almost inevitably ends up depending on undefined behavior.

--
Later,
Jerry.

The universe is a figment of its own imagination.
Jul 19 '05 #2

P: n/a
Anoop wrote:
Hi guys

i have a piece of code

main()
{
switch(...)
{
case 1:
{
char a[200];
}
case 2:
{
char a[200];
}
case 3:
{
char a[200];
}
}
}

now the question is what will be the memory allocated when the program
enters his function to the first statement switch(...)

1. will it be 600 bytes - sum of all local variables
2. or the allocation will be done depending upon execution path and in
whichever case it goes.
Whatever is the answer? Kindly give proper reasons why will that
happen and also any compiler dependebt issues.

Thanx in Advance

Anoop


1. The declaration and definition of the arrays is local to the block
it is contained in. When execution leaves the block, the local
variables disappear. The block is defined between the open and
close braces: '{' and '}'.

2. Since there is no 'break' after any of the cases, the torment that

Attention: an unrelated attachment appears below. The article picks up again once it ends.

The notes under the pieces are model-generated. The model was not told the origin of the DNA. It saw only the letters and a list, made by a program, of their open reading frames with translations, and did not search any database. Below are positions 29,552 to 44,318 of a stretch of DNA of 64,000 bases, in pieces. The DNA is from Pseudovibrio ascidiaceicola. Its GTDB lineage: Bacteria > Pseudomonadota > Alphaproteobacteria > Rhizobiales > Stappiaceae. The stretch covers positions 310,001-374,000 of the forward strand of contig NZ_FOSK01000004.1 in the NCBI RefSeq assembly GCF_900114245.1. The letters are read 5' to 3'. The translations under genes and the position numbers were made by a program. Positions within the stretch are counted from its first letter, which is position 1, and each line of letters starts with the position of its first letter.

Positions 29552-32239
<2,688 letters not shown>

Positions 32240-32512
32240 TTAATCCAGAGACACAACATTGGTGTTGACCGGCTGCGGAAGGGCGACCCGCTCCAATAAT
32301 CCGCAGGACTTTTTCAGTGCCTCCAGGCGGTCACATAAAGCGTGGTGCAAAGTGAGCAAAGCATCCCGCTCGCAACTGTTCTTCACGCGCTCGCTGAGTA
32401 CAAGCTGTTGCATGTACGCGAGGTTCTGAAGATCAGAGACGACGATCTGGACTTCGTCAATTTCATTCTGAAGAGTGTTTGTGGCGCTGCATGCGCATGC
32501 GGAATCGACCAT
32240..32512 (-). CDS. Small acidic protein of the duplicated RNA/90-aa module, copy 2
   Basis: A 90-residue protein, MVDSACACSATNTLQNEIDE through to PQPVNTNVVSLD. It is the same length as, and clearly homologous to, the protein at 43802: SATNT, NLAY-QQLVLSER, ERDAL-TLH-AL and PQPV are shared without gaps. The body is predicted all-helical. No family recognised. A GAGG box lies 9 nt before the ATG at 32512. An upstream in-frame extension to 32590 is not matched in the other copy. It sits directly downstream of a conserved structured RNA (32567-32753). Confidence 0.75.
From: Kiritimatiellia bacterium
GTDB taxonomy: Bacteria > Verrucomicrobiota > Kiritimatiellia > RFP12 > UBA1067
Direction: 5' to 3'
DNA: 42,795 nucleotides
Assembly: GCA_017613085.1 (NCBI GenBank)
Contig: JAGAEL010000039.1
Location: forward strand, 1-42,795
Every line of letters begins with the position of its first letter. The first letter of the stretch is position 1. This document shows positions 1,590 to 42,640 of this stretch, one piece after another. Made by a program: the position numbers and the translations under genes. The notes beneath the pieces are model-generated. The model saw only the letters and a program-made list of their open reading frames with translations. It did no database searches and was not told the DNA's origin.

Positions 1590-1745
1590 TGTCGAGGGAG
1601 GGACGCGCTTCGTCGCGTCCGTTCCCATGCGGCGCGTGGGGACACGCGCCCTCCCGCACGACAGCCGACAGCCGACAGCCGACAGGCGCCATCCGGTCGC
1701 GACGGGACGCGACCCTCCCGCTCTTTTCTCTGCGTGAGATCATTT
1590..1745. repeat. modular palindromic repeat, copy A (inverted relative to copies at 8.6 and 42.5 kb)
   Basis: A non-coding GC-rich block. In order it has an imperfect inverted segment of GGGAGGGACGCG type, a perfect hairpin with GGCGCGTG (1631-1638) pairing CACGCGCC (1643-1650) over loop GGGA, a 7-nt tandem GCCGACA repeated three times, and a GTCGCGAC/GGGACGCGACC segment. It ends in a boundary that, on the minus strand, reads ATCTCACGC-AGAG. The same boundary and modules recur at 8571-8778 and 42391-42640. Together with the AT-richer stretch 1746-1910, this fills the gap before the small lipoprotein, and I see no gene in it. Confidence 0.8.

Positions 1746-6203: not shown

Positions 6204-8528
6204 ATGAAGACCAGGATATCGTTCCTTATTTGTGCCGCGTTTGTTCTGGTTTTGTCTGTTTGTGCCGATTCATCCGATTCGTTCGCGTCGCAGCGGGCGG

the memory allocation goes through depends upon the switch value.
In the above case, if the switch variable evaluates to 1, there
will be 3 times that an array is locally allocated and removed.

3. The compiler may choose not to allocate the array since it is not
used anywhere else in the block that it was defined in.

4. Since there is no code in any of the case statements, the compiler
may decide to not translate the switch statement (an optimization),
thus no arrays would be allocated.

5. Defining variables in a case statement or block and using them
outside of the switch statement is bad karma. Better karma is
to define variables before the switch statement, then process